Grape expectations: What’s in 2018’s cellar?

person unscrewing bottle of wine

The echoes have faded from NYE’s popping champagne corks. January is proving to be colder than a Prosecco ice bucket. What to do? Two things: first, check out the upcoming Chief Wine Officer events calendar. Second, join us on a vinicultural voyage, as we see what to expect during 2018:

  • Big to be better

In 2017 Majestic reported a 378% year-on-year increase in sales of super-sized wine bottles. Meanwhile, retailers such as Lidl hit the headlines for their champagne and prosecco magnums. Expect this trend to continue throughout 2018. Not only are larger bottles a great way to add a sense of occasion, they’re also better for your wine. That’s because one larger size has a lower % of air (between the cork and the wine) compared to two or more standard bottles.

  • Climate change opens new markets

Been a guest at a Chief Wine Officer event? If so, you’ll know the wine theme helps shape the pleasure we mix with the business. Often this is inspired by a particular region: France v Italy or Old World v New World. Expect a rise in lesser-known regions, thanks to record-breaking climate change. For example, rising temperatures in Japan have led to a four-fold growth in Pinot Noir grapes ove r the past five years.

  • Vegan wines on the rise

Traditionally, improving wine colour, flavour and texture usually involved animal-based products, such as gelatine, milk, or egg white. However, the rise in veganism (in the UK, by 5 times since 2006) has reportedly has caused a rethink. The Co-Op has been working with partners to develop ‘vegan’ ways of filtering wine, and plans to stock 100+ types of vegan wine. This rise in environmentally conscious drinking is also evident in a reported boom in sales of organic wine. According to Waitrose, “Organic wine is a growing trend globally and we have seen sales increase by 16% in the last year”.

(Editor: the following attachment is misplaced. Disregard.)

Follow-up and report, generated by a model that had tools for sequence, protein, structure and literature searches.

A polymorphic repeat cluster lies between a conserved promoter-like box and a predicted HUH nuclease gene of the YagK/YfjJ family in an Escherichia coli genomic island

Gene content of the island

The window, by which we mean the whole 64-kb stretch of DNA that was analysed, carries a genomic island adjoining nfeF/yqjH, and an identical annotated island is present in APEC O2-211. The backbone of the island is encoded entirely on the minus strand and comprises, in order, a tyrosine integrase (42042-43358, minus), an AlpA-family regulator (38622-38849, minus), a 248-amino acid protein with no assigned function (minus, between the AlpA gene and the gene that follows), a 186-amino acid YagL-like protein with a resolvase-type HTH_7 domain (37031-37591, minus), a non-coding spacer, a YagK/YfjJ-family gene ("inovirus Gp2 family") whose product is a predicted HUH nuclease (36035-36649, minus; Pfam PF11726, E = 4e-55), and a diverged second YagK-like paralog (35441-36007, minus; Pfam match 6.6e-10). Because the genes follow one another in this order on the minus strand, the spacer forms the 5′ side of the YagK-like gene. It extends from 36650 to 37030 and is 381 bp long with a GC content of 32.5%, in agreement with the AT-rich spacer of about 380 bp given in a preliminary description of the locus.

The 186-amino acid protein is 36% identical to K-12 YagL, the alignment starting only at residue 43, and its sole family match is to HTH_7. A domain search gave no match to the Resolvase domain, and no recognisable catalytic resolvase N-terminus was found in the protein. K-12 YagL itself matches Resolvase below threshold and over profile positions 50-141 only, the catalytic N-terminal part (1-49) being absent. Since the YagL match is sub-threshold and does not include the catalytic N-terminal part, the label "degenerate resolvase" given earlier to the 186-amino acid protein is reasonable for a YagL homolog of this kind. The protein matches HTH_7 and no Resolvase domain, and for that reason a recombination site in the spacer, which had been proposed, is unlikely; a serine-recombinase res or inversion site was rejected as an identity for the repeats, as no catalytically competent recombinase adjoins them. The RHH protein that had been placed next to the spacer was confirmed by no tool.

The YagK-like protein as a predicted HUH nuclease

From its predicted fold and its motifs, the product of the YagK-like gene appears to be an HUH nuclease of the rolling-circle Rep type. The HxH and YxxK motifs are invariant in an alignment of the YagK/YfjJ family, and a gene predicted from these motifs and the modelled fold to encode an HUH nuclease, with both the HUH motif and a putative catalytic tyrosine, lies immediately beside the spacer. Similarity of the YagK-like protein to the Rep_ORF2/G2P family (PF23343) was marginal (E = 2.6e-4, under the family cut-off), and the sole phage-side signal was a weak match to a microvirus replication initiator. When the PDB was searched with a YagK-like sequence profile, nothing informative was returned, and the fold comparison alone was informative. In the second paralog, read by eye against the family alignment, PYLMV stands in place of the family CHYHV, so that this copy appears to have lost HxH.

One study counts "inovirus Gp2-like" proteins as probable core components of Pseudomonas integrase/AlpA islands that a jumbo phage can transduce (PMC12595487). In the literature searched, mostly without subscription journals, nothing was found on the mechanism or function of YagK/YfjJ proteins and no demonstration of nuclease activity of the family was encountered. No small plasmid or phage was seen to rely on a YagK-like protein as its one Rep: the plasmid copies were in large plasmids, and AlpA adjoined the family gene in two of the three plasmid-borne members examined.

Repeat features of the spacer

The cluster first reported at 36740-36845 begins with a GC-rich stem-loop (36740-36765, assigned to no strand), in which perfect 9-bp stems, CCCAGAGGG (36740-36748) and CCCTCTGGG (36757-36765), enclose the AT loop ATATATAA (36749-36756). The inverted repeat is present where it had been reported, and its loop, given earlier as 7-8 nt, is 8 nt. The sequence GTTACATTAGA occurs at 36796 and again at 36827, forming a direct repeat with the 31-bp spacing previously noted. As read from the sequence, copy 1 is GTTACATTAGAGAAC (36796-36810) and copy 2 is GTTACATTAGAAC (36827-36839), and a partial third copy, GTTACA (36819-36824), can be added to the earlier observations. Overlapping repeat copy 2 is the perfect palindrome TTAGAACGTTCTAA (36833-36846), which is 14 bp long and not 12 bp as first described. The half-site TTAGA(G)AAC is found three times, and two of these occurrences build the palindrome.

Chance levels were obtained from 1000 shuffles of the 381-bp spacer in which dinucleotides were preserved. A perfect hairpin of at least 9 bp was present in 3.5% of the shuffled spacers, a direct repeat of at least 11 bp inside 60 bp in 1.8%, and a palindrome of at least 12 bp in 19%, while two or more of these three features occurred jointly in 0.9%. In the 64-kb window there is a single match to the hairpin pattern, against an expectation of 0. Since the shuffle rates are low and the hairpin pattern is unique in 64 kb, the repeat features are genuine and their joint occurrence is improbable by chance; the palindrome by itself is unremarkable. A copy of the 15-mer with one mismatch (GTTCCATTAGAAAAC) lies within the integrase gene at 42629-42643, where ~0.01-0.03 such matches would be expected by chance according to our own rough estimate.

• Wine shapeshifting to increase

The rise in takeaway ‘grab-and-go’ culture has transformed the way food is packaged. That’s not the case for wine, where bottles still reign supreme. However, this will change in 2018. Witness the rise of the ‘bagnum’. Boxed wine is great for pouring – in the park or on the dining table. Using this kind of packaging for wines, instead of heavy glass bottles, makes a lot of sense,’ explains Tom Craven, founder of Vinnaturo, a specialist in sustainably packaged boxed wines. ‘It can reduce C02 emissions generated through transport by 80 per cent, and also reduce the final retail price of the wine by 30 per cent.’

  • Quality not quantity

The 2017–18 wine harvest is estimated to be 14% lower than the previous year. This drop spans many of the ‘Old World’ countries: France, Italy and Spain, where unusual weather patterns have taken their toll. For some wine consumers, this raises the prospect of a price increase. However, for Chief Wine Officer events this no problem. Our world-renowned experts are guaranteed to keep the supply of splendid wines coming thick and fast. From traditional regions, alongside up-and-coming areas.